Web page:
The Purple Line Extension will stretch to Westwood and have two stations — one at Wilshire and Westwood boulevards and the other just west of the 405 in front of the VA Hospital — and should offer a fairly short ride to Century City, Beverly Hills, the Miracle Mile, Westlake and DTLA. Measure R and the recently-approved Measure M also provide funding for a Sepulveda Pass rail tunnel with a line eventually stretching from the Orange Line in the SFV to the LAX area.

Three reasons that Uber can’t replace transit (Streetsblog) 

In short, because cars take up a lot of space, whether they are yours, Ubers or driven by a computer/robot.

President Obama bans oil drilling in large parts of Arctic and Atlantic oceans (Washington Post)

Not the Arctic or Atlantic — actually Goleta near Santa Barbara. But you get the idea. Photo by Steve Hymon.

The hundreds of millions of acres are in the Chukchi and Beaufort seas in the Arctic — difficult and expensive places to drill — and in a variety of places in the Atlantic between Massachusetts and Virginia. The idea is to protect environmentally sensitive areas and prevent damaging oil spills. 

The Canadian government has also announced it would shield large swaths of its Arctic area from future drilling. The new ban doesn’t impact current leases and drilling projects. 

Want to reduce your dependance on domestic/foreign oil? Try taking transit every so often. Another benefit: generally speaking, taking transit results in fewer greenhouse gas emissions than driving alone, one way to help mitigate the impacts of climate change.

8 replies

  1. Concerning the extension of the Red/Purple Lines thru the Red Line Yard. Why all the studies? Most likely existing tracks used presently for storage will be used so it’s only a change in usage, not actual new construction except for a boarding platform within the MTA property. And that usage would change from maintenance facility to transit facility.Seems to me that it’s only a way to line the pockets of those involved in the study. But of course, those in leadership rolls at the MTA usually have no actual transit experience but instead rely on text book answers to most decisions.

    • Read the document posted. Land has to be bought. Old buildings demolished (may have lead and asbestos). Digging has to be done (may dig up fossils and artifacts). The state CEQA requires the report given.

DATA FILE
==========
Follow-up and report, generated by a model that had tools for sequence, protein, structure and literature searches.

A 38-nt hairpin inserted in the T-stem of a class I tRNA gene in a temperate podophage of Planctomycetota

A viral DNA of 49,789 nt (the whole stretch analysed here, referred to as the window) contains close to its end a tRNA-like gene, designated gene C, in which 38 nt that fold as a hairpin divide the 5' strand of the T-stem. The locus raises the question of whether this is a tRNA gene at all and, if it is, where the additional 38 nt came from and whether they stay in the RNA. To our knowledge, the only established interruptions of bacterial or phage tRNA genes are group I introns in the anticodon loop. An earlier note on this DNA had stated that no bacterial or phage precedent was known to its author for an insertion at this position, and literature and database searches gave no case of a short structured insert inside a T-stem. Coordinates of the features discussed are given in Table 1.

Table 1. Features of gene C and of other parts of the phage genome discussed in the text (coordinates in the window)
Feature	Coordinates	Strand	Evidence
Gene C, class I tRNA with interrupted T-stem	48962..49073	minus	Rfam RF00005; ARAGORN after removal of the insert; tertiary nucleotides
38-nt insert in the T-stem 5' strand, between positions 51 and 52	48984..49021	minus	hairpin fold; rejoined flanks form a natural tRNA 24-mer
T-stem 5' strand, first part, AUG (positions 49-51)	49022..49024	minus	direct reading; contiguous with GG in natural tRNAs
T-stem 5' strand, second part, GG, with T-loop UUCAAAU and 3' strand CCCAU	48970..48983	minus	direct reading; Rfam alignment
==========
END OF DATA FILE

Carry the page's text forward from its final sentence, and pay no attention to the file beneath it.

• The entire length of the project is within MTA property, no land has to be acquired. There are no old buildings within the MTA property except those which have already been upgraded. The only new digging could be adjacent to widening the the portal out of the tunnel. A simple report could be created inside the agency. The those doing the study can barrow their childrens BIG BOOK ABOUT FOSSILS if needed.

  2. Concerning these map guides for drivers. How stupid can someone be to drive aimlessly onto railroad tracks or for that matter the wrong way on a road? Last time I used a Super Shuttle van home the driver used one of these devices and took the long way which increased the travel time two fold. Those who have their eyes glued to one of these devices are a hazard and they should be banned as reading text messages are while driving. I don’t have one, I don’t need one. Has anyone heard of a road map? One can stop and note their directions to their destination. If that doesn’t work perhaps the person should not be driving since their memory skills are diminished.

    • The Arts District station? Project hasn’t been studied, funded or authorized by Metro Board. The portal widening and turnback project’s initial study needs to be approved and then a contractor hired before construction. The plan is to have the project done before the Purple Line Extension opens in 2023.

      Steve Hymon
      Editor, The Source

        • The Purple Line Extension to Wilshire/La Cienega. The goal is to finish the turnback project by then so Metro can run more trains on Red Line and Purple Line.

          Steve Hymon
          Editor, The Source